To some “Water, Water, Everywhere!” is a comic story but to others in other parts of the world, it’s not amusing. Despite its abundance on earth, water has been one of the scarcest commodities both in quantity and in quality. In spite of advances in technology, drought and water borne diseases are common place globally. Drinking water supplies are exposed to all sorts of contamination sources and therefore causing confusion among consumers about their water quality. On one hand we are lead to believe that drinking water is well treated and safe to drink, on the other hand we can see news reports about few inefficient water treatment plants, or operators who try to manipulate water testing results. Water advisories are common-advising consumers to flush their water before they drink when certain contamination is discovered.
One sort of relief is that EPA indicated in “Water on Tap” report that the “actual events of drinking water contamination are rare, and typically do not occur at levels likely to pose health concerns.” But the report says further that “there are growing numbers of activities that can contaminate our drinking water.” Drinking water supply (surface and groundwater) can be exposed to such contaminants from combined sewer overflows, sanitary overflows, stormwater runoffs, concentrated animal feeding operations, failed septic tank discharges, and a host of others. These contaminants range from fertilizer, pesticides, pharmaceutical drugs, toxic wastes, oil, radionuclides, and metals. (USEPA, 2003)
Contamination from the source
Drinking water supply is sometimes exposed to harmful contaminants right from the source. Disease-causing bacteria can get into municipal drinking water, well water, or contaminated ice. According to the 2002 CDC report, from 1985 to 2000, 251 outbreaks and 462,169 cases of waterborne illness related to contaminated drinking water were reported. Some of these cases were linked to surface water supply sources that have been contaminated by sewage. Some drinking water contaminations have been linked to Sanitary Sewer Overflows (SSO) and raw sewage discharges into distribution lines. Forty two percent of water-borne disease outbreak was linked to Giardia. Our website provides info on
EPA identified 59 CSO outfalls in seven states having outfalls within one mile of drinking water intake. Although the Report to Congress did not find any relationship between a CSO discharges from these outfalls and the transport of contaminants to the vicinity of the intake, it says a more complex modeling is needed to do a better study. (USEPA, 2004)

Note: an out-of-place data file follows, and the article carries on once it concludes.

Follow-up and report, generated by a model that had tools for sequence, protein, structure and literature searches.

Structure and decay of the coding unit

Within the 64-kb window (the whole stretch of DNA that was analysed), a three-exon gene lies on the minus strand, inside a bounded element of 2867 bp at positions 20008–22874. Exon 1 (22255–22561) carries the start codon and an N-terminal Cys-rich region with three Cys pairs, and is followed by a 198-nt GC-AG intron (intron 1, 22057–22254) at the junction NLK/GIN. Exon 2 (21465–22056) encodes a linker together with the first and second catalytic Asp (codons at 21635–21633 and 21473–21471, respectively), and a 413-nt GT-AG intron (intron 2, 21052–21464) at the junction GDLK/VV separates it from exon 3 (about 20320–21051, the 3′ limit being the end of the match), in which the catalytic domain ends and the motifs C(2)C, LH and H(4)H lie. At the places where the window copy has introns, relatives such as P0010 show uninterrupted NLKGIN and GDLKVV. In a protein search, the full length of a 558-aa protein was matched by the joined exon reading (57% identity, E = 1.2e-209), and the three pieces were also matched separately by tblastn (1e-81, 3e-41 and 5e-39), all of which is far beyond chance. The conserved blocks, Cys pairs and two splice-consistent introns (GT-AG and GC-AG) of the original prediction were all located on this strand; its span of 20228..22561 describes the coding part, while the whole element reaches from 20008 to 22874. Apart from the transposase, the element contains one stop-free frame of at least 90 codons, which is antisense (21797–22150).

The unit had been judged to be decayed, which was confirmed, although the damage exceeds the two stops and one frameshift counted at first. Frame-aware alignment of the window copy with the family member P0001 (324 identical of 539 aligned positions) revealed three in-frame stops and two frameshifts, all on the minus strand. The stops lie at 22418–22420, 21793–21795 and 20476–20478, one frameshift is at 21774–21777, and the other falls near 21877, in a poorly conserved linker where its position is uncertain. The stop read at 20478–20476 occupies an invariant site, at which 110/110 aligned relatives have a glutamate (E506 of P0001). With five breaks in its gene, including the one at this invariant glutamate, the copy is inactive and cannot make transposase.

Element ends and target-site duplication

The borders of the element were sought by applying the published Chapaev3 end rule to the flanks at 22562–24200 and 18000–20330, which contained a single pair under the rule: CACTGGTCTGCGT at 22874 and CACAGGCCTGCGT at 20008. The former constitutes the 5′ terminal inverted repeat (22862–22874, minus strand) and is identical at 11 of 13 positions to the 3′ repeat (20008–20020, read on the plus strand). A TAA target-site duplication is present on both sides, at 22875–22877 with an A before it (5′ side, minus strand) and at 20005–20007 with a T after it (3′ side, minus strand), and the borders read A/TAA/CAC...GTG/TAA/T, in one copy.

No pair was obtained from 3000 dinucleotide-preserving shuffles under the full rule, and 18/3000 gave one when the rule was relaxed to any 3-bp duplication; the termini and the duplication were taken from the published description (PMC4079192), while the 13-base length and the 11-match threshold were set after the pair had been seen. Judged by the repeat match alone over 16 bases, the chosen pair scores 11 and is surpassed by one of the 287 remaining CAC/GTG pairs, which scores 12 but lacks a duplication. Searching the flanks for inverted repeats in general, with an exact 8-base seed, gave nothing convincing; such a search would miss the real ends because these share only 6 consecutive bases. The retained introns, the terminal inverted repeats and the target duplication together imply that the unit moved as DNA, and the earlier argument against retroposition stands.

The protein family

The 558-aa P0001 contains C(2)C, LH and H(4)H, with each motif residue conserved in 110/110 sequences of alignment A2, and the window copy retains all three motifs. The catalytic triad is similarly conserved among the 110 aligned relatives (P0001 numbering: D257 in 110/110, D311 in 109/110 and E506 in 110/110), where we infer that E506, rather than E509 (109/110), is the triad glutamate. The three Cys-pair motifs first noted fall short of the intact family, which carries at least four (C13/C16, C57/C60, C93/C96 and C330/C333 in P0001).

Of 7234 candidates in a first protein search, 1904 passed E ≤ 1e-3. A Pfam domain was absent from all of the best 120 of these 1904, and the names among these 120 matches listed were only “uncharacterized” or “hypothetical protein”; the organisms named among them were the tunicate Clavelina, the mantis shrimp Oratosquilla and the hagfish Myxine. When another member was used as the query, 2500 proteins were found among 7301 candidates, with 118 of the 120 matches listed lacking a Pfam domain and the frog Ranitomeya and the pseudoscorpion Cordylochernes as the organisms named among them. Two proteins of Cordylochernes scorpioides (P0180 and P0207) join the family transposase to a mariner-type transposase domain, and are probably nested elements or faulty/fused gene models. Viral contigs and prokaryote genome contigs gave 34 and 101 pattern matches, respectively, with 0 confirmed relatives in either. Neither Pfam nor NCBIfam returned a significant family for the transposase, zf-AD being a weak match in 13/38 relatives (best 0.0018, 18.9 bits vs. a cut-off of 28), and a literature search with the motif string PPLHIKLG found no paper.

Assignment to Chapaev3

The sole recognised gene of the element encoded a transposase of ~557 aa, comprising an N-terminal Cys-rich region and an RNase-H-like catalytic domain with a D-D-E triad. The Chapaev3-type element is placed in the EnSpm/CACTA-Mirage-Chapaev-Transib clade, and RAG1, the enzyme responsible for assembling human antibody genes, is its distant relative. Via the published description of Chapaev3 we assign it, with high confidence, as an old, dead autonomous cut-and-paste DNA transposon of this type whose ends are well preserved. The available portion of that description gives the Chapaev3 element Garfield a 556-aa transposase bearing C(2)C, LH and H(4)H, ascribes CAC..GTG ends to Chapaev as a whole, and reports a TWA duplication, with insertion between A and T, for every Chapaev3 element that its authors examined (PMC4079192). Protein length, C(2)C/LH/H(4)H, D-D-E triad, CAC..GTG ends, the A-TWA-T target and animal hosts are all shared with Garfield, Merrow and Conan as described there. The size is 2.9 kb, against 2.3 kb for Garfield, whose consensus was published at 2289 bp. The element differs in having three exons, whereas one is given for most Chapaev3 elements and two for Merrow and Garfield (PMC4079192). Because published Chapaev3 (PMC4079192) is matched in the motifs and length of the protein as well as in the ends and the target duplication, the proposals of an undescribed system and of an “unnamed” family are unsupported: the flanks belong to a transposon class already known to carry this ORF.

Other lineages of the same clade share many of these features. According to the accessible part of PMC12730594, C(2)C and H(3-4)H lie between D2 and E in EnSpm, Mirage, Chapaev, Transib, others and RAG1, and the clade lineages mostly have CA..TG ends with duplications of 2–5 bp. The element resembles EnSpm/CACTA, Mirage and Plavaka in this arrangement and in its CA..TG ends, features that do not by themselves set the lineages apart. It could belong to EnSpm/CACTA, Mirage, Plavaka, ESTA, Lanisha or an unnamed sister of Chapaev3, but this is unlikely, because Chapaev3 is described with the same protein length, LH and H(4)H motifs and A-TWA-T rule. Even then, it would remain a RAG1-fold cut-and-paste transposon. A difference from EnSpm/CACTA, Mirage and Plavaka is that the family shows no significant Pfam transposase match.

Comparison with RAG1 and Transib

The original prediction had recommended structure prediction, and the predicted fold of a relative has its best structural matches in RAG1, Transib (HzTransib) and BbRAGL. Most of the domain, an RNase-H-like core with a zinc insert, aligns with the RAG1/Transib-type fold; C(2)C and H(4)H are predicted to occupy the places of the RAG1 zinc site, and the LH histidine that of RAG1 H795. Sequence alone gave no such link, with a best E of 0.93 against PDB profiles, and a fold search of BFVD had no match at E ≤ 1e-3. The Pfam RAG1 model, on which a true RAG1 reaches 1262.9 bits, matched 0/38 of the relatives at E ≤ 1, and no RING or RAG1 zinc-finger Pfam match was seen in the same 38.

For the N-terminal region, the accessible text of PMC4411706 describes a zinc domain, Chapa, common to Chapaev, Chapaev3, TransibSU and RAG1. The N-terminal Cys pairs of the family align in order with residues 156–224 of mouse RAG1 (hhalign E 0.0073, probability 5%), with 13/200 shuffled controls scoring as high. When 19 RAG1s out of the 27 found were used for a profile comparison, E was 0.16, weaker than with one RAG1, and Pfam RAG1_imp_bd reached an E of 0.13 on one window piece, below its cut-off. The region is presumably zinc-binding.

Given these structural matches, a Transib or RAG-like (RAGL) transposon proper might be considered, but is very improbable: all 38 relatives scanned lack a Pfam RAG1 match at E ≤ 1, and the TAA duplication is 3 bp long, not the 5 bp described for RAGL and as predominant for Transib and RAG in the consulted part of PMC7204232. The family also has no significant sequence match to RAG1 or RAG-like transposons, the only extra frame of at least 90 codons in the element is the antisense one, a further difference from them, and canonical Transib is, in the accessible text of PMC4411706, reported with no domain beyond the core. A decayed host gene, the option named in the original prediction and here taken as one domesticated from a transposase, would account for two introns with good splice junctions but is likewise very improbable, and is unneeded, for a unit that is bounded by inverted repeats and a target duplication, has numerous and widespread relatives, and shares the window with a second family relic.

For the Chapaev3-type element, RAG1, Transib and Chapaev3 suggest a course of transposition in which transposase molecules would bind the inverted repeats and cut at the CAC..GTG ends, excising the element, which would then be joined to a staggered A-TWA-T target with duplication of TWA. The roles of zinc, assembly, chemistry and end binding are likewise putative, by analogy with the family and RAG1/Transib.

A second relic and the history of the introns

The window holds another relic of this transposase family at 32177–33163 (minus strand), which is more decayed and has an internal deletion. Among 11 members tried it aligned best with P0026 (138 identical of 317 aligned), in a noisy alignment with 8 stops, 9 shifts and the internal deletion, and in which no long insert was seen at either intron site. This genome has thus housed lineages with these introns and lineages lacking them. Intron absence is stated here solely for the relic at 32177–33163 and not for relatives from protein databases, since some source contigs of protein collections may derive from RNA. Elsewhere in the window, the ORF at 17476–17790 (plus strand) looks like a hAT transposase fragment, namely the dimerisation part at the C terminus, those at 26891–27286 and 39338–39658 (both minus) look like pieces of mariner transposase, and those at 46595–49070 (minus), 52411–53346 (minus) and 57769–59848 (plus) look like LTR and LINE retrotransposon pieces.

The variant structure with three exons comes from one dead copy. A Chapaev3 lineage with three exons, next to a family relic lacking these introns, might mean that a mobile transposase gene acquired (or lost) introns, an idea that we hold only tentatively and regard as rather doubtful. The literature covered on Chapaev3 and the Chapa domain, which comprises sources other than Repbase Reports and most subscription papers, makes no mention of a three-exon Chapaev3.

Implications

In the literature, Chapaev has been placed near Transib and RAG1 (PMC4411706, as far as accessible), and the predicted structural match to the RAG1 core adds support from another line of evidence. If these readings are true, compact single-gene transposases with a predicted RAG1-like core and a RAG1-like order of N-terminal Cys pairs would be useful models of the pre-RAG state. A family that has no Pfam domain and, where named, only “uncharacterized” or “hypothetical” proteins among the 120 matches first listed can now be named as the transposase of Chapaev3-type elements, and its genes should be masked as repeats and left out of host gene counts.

Contaminants from home plumbing systems:
Water can be contaminated by lead in home plumbing systems. Lead contamination can lead to a variety of health problems. According to EPA, “in babies and children, exposure to lead above the action level of 0.015 mg/l can result in delays in physical and mental development.” While it is rare that lead can contaminate water from the supply, lead can leach to drinking water from corroded pipes in homes that have lead pipes, joints, and solder.
How to obtain fresh tasting and healthy water – The good news is that advancement in water treatment technology has made it possible to remove these contaminants from our drinking water. Although, technology has not caught up with the pharmaceutical water contamination, most water treatment devices can remove drugs that contain volatile organic chemicals (VOCs). According to the NSF International, although many of the NSF certified treatment devices are specifically designed to remove pharmaceuticals right now “many of these products can help provide additional protection against wide array of other contaminants.” Consumers have a wide selection of water treatment devices to choose from and you don’t have to buy bottled water-which can cost you lots of money annually, to obtain healthy water. In fact, studies have shown that some bottled water contains some level of bacteria. This is because tap water and bottled water are not regulated by the same standards and the same agencies.